RK: It’s true, I read about the study, and it’s very alarming. I think they should use the study to improve the passport, and catch the liars. There are many factors involved, you have to have many dates, and many tests, to analyze everything individually. In the bio-passport, you have to have clear rules, not just “highly likely.” And this is not just for cycling but for all sports.
I underwent tests at Mayo Clinic, on request of the Czech Olympic Committee. I underwent a lie-detector test. For 10 years I have suffered from hypothyroidism. My passport is clear. I am open. I published all the details. Everyone can see on my website. I hope people look there to see that I am a clean rider.
What can I do more now to prove I am innocent? I did all my best to clear my name. Now it is up to judges, I do firmly believe that common sense will prevail.
I can repeat what I’ve said many times, yes, I condemn doping. I participated in two Olympic Games, and maybe it’s old-fashioned, but to me, the Olympic Charter is not just a piece of paper. I hope that common sense will prevail. I have done everything I have been able to do. My conscience is absolutely clear. I hope that in Lausanne, the judge, the committee, will check it over well. Over the next week I’m sure I will become more and more nervous. I know I didn’t do anything wrong, but it’s still something serious when you go before a judge, you don’t know what you can expect.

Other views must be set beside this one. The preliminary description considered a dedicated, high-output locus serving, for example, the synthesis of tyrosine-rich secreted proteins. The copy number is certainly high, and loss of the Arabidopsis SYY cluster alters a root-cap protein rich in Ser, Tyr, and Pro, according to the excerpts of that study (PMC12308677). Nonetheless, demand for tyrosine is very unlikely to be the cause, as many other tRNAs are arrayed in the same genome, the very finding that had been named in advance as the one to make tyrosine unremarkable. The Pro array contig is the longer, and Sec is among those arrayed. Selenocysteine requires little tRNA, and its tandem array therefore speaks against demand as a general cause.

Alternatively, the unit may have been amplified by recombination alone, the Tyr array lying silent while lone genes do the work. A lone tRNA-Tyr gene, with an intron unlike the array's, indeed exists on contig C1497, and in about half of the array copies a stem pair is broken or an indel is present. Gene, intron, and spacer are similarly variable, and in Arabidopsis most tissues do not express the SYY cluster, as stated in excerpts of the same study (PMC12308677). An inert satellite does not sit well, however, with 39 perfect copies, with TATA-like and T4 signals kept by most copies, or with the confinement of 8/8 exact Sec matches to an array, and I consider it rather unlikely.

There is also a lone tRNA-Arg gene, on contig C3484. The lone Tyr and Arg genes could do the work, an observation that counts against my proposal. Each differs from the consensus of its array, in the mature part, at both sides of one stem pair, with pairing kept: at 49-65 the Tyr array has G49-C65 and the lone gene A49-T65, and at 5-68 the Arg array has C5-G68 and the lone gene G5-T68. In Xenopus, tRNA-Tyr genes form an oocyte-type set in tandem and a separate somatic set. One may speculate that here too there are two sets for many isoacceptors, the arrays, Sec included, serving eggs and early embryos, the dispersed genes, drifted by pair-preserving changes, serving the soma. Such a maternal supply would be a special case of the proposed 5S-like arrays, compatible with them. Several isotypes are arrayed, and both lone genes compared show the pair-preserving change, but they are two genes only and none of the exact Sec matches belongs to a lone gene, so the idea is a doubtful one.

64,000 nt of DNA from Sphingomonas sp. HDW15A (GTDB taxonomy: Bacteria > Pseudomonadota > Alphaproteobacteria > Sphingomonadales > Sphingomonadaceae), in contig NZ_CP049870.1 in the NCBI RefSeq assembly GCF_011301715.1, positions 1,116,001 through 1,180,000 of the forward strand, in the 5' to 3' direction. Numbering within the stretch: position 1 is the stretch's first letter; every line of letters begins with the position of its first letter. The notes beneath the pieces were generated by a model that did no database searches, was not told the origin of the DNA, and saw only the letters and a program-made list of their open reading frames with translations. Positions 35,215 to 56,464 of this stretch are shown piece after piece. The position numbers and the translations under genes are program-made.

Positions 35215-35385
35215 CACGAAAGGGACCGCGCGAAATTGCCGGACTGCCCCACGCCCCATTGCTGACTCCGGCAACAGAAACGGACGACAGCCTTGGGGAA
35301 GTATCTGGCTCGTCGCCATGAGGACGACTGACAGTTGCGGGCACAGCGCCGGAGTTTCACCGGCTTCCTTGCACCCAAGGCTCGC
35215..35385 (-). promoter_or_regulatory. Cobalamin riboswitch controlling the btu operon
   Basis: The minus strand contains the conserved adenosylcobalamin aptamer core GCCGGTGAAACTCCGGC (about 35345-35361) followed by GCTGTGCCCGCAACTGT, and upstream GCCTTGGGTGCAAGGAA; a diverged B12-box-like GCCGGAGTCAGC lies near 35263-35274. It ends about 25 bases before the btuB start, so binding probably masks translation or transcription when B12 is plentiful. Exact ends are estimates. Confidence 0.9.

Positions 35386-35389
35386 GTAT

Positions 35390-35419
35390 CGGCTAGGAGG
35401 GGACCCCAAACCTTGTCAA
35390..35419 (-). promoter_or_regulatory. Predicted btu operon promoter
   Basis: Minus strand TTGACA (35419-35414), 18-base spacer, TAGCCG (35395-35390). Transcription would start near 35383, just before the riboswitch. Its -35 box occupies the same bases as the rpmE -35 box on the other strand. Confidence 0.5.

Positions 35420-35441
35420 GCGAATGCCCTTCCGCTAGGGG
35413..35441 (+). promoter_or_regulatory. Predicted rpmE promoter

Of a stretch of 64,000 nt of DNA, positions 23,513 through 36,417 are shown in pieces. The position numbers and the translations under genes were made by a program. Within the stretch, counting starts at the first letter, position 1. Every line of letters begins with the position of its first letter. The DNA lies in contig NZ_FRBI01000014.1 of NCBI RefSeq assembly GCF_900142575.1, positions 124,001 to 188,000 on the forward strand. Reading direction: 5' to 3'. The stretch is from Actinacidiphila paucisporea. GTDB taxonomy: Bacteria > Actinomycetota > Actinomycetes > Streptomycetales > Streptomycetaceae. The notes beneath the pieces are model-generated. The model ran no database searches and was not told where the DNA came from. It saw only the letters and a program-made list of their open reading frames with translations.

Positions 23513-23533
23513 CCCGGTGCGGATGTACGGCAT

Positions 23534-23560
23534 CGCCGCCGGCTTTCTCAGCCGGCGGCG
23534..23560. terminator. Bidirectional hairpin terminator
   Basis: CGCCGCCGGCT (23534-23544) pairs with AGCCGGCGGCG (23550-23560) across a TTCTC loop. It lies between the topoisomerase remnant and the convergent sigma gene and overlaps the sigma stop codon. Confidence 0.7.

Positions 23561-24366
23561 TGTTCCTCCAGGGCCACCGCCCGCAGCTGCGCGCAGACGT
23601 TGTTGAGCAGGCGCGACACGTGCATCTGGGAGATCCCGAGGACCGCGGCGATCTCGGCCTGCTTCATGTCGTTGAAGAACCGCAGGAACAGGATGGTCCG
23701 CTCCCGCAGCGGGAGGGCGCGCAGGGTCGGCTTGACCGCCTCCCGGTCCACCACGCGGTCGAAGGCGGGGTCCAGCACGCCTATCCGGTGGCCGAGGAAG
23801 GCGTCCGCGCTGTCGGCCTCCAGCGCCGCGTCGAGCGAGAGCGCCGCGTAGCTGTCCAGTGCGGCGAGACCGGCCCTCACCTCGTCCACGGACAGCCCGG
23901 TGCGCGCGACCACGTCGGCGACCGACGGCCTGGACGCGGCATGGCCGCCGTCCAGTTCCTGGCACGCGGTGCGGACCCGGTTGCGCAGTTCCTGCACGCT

It’s been a long fight, and I hope to show my innocence, so that I can continue with my job, as a bike racer, which is something I’ve loved since I was a child.
VN: Whatever the ruling is, it will be a big decision for you, personally, but also for WADA and the UCI, which are both deeply invested in the success of the bio-passport system. There are major implications for both agencies should you be cleared of any wrongdoing.
RK: It can happen that, you look at numbers, and make a determination, but they should also listen to the explanation, like with me, and my use of Thyroxine. There are two parts to this, the tests, and also the explanation. I’ve said many times I did nothing wrong. Nobody else has shown all their tests and all of the dates. I have nothing to hide, and I wanted that everyone can see all the numbers. And I have to stress out: The biological passport is a great tool and I fully support it. But clear rules need to be set.
Of course it’s difficult, but with the support I’m getting, people can see this is something strange. And if I should win, it’s not against the bio-passport, it’s just that everyone has to look at everything in close detail. But I’m relaxed, the arguments are on my side.